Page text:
Everything changes. Nothing changes.

But from the information from the inquest (and my gut tells me this is commonplace rather than a rarity) deregistering can make a place become dangerous overnight. Standards and checks that would have been in place become history overnight. And the residents are left with a regime that they are unable to manage.

Where is the Mental Capacity Act? At the time of Richard’s death, the Deprivation of Liberty Safeguards didn’t apply to supported living. But they do now. Is anyone checking that the residents’ legal rights are being upheld? We know the answer to that question. Who gives a toss!

The more I learn about Richard’s and the other residents’ experience of supported living, the more terrified I become. To imagine that as Steven’s future breaks my heart.

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16 Comments
  1. LizzieD permalink

    I don;t know much about “supported housing” either. It can sound very cosy and civilised in brochures and news releases. And it could be, if it could be organised carefully, and the residents each had whatever support is appropriate.

    But I doubt it works that way often. The only person I know well who lives in one is a lovely young woman with autism who spends most of her time wandering the streets unsupervised and over-eating so that her weight gain is horrendous. She DOES value her “independance”, but independence is not incompatible with decent care.

    What a difference it would make to people and to us as pareents if there was the slightest chance of decent care that wasnt tied to budgets.

  2. kate permalink

    How does this deregistering a care home business work? Does the manager of the home ring up the CQC one day and announces they built several front doors and everyone is now wonderfully independent?……………………….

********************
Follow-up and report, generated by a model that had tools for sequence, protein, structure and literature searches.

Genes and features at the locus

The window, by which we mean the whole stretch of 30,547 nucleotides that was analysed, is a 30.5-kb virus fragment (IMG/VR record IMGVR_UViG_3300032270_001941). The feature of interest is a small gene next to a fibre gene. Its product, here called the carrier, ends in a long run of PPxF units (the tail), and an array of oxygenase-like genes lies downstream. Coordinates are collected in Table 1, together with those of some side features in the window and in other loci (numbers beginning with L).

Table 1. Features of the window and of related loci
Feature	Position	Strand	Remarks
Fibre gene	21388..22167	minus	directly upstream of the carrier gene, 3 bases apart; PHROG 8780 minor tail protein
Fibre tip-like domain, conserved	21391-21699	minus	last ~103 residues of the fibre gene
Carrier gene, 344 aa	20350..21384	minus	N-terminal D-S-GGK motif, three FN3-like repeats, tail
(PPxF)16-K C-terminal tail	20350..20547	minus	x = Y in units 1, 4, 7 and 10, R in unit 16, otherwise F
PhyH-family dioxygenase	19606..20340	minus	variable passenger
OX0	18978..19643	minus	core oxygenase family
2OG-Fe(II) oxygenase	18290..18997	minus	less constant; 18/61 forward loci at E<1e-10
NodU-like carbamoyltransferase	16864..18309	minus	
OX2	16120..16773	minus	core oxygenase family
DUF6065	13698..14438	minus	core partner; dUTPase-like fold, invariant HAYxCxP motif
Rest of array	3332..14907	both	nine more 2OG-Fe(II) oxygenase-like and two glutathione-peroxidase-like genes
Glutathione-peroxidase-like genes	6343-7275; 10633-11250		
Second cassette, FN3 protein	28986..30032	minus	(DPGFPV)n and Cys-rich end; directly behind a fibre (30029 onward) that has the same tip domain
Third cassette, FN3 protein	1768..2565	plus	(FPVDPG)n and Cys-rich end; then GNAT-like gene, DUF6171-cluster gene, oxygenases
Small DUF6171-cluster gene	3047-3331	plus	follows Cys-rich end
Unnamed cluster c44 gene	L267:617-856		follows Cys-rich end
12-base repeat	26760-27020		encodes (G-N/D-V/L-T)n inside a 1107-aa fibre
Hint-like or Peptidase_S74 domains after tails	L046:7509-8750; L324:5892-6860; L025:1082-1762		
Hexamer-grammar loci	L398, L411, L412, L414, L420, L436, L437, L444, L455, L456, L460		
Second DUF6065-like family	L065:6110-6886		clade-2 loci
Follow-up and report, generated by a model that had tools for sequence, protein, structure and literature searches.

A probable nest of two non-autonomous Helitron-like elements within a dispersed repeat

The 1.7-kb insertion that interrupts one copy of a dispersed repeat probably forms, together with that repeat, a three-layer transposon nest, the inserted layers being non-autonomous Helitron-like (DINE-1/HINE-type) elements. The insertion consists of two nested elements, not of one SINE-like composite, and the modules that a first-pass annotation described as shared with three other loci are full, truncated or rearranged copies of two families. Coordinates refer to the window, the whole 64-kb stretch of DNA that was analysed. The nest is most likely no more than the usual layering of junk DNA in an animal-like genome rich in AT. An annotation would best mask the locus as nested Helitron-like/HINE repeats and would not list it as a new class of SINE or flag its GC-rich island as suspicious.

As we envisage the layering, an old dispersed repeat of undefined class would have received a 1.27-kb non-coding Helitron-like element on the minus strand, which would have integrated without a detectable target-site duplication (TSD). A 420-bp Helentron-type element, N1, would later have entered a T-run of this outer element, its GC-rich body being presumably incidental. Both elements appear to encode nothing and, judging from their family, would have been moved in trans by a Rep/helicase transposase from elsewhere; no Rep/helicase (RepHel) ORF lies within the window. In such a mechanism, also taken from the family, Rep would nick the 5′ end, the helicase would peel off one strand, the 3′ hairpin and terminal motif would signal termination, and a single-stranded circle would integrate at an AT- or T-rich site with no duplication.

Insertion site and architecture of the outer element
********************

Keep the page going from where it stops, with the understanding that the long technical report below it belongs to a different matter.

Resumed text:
This is my understanding. Local Authorities used to run care homes for people with learning disabilities. There were no meaningful choices about how you lived in them. They were created in 1993 when care (that wasn’t nursing care) for people with learning disabilities was taken over by Local Authorities from the NHS. Residents had no income other than a personal allowance of something like £10 per week to spend on things like going for a cup of tea at a day centre. They could claim the care component of what is now DLA but only for the nights they went back to live at home with family. They could claim the mobility component of DLA if they met the criteria but the home would expect most of it to be handed over towards a minibus or some such. Some families kept some mobility money back as, to cut a long story short, if you wanted your loved one to get out at all, you had to go and fetch them and support them. But in 2003, Central Government came up with a “Supporting People” initiative. This was meant for vulnerable people and was not necessarily aimed at people with permanent learning disabilities already in 24hr care at all. I am pretty sure Local Authorities were fairly open about the fact that they wanted in. Central Government money was given to Local Authorities but it was ringfenced and was only to be used to provide “housing related support” to people living in their own homes who might gain some independence. If Local Authorities could not make use of the fund, they could NOT have the money. My recollection was that Local Authorities clamoured for the funds and pushed the idea even for care homes for people with learning disabilities. Care homes had to be “registered” as such but, to make their residents eligible so the Local Authority could benefit from the initiative and money that came with it, they had to de-register the care homes. It meant that instead of their residents just having permission to stay in their bedroom and use the communal facilities in the care home, the support provider had to give them an assured tenancy of their bedroom in a shared house. This meant the resident was now a tenant of their own home (tada!!!)(although their own home was probably just a tiny single bedroom in a shared house) and could then claim housing benefit! Some huge rents were “agreed” between support providers and Local Authorities. Housing benefit rules prevented housing benefit payment restrictions in these circumstances and so the support providers were now collecting large rent payments. As a tenant, the resident was now allowed to claim benefits and DLA care etc. Local Authorities could then either assess the resident to contribute financially towards their support and/or make them pay for services like attendance at day centres etc. Residents/tenants were now expected to pay into a budget for food at the house/home/shared house and pay their share of electricity and gas bills etc. But essentially ABSOLUTELY NOTHING changed. Same room, same rules, same meal plans, all eat the same, same staff, same old shit. Tenants did not get a key to the door and their family would not dare just walk in and out or use the kitchen or anything! Rent included money for allsorts, like replacing furniture in shared areas as necessary, but things would get tatty. The resident/client now had a landlord who rented the room to them and a separate support provider. However the landlord and provider usually remained one and the same. I think to be eligible for the “Supporting People” scheme, the client had to have the right to change support provider if they wished. However, many (most I assume) clients did not get their needs separately assessed and, whether they had been assessed or not, they continued with shared care as had been the case in the care home, i.e. a smaller number of staff to clients and so they had absolutely no choice individually about changing support provider (I understand this issue alone created some grey areas for housing benefit claims) unless the Local Authority were going to chop staff up into halves ad thirds!!!! And even if they were willing to chop staff up, apart from them being dead, the situation would break down at night as there would likely only be one sleep-in room (sorry large cupboard). Once the home was deregistered, this then created a situation where whatever regulatory power at the time (now CQC) could no longer visit. CQC simply audited the support provider (at head office usually) and allowed self assessment by support providers. Interestingly, I wonder if the properties that were chopped up on this way are still Council owned or have “transferred” to the support providers. I could of course be totally wrong about all of the above BUT I lived through such a transition and after knocking on many many doors and asking many many questions, that is a good a summary as I could fathom about how supported living came into being. And when it did happen, managers had NO IDEA about landlord responsibilities and no idea how to charge for things like utilities and carried on like they ran a home, sending clients backdated ANNUAL gas and electric bills!! Imagine being on basic benefits and getting an annual gas bill and not being able to get even the vaguest estimate in the meantime. And it took years for managers to work out transport costs and then send backdated bills. Andy nobody grasped whose home the building actually was! Staff NEVER dreamt they should knock to come in.